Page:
Allen v. Agra Industries Insurance
Digest no. 11.07
Cite as: Allen v. Agra Industries Ins, 2009 BR 203891W (B2009-00698-RO1).
Appeal pending: No
Claimant: John V. Allen
Employer: Agra Industries Insurance
Docket no.: B 2009-00698-RO1-203891W
Date of decision: July 20, 2011
HOLDING: Section 29(5) applies to preclude Claimant from being disqualified from benefits under Section 29(1)(a) even when the claimant voluntarily left “a Michigan job to accept work in another state” or “an out-of-state job to accept work in Michigan.”
FACTS: Claimant lived in Gaastra, Michigan. On March 24, 2008, Claimant obtained a job with the Employer in Merrill, Wisconsin. The distance between two cities is approximately 100 miles. To ease the burden of the long commute, Claimant decided to maintain two households– keeping his home in Gaastra, while also renting an apartment in Merrill. Because of the financial burden of maintaining two households, Claimant sought employment closer to his home in Gaastra. Claimant eventually secured a new job in Kingsford, Michigan, and he resigned from the Employer’s job on September 22, 2008. Claimant was laid off from his new job after only 39 days. Claimant filed for unemployment benefits, but the UIA determined that Claimant is disqualified for benefits under Section 29(1)(a). Referee affirmed UIA’s determination. Claimant appealed to the Board of Review.
DECISION: The Board of Review reversed the Referee’s decision. The Claimant is not disqualified for benefits under Section 29(1)(a) because he satisfied the leaving to accept provision of Section 29(5).
RATIONALE: In Merren v. Employment Security Commission, 380 Mich. 240, 156 N.W.2d 524 (1968), the Michigan Supreme Court affirmed the appeal board’s decision to deny benefits to a claimant who quit a job with a Michigan employer to take a job with a Florida employer. The Michigan Court of Appeals subsequently upheld Merren in Roman Cleanser Company v. Murphy, 29 Mich. App. 155 (1970) when it denied benefits to a claimant who quit a job with a Michigan employer to take a job with a Kentucky employer. Both courts were concerned that Michigan employers will be unfairly penalized if they were forced to assume “the entire burden of having charged to its rating account the entire amount of benefits so paid to the [claimant]…” without any contribution from the out-of-state employers. Merren at 246. Relying on the above case law, the Referee below affirmed the UIA’s determination denying Claimant’s benefit.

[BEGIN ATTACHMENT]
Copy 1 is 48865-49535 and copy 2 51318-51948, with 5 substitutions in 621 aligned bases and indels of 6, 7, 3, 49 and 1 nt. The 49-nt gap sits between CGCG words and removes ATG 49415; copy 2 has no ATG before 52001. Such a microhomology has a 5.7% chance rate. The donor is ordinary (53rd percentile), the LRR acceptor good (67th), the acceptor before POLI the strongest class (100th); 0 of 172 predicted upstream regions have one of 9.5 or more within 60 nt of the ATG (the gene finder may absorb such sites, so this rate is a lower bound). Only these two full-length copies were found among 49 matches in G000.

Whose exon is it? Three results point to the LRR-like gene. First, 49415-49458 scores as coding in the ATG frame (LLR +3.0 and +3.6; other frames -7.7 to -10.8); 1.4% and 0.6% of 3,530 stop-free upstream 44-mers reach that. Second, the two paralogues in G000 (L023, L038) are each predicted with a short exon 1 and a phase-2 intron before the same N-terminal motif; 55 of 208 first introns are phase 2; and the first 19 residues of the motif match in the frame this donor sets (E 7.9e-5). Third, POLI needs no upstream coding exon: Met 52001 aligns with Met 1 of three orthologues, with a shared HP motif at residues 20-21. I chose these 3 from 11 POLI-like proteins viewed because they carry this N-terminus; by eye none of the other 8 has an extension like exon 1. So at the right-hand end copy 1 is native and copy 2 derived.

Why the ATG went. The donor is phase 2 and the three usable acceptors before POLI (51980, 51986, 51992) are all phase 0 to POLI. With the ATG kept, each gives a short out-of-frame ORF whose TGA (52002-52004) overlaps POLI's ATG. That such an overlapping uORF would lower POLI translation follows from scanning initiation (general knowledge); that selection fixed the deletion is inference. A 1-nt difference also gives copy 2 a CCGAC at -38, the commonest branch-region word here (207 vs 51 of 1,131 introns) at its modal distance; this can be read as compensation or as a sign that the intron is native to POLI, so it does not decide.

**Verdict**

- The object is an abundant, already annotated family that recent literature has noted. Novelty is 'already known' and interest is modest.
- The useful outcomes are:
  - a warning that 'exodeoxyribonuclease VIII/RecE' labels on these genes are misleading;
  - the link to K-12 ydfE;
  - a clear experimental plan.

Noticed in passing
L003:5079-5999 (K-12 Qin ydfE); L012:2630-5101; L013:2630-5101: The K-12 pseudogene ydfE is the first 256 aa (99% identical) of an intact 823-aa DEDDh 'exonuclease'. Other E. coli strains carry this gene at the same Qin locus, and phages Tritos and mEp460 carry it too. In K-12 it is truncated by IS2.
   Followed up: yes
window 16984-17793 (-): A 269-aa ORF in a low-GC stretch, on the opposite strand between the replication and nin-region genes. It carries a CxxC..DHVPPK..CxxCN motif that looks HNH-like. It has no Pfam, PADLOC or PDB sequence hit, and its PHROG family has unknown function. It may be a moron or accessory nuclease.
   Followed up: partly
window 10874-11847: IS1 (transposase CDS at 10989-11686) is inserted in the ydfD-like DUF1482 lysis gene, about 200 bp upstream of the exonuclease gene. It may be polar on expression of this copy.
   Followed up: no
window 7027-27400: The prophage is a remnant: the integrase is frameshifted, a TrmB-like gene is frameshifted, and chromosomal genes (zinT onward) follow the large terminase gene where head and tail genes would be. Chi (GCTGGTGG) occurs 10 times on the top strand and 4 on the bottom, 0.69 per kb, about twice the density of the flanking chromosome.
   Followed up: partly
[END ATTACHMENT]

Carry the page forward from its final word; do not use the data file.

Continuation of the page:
The policy concerns expressed in the above case law, however, are now mooted by the 1972 amendments to the Federal Unemployment Tax Act (FUTA), 26 USC §3301 et seq., and the resulting Federal Regulations governing Interstate Arrangements for Combining Employment and Wages, 20 CFR 616.1 et seq. The FUTA and the resulting regulations now not only permit, but require the states to utilize its provisions to “collect” funds from out-of-state employers. Considering the lack of policy concern and the legislative intent behind the MES Act, the Board of Review holds that Section 29(5) of the Act should apply when even is the claimant had voluntarily left “a Michigan job to accept work in another state” or “an out-of-state job to accept work in Michigan.”
Digest Author: Chris Kang
Digest Student-Editor: Nick Phillips
Digest Updated: 8/14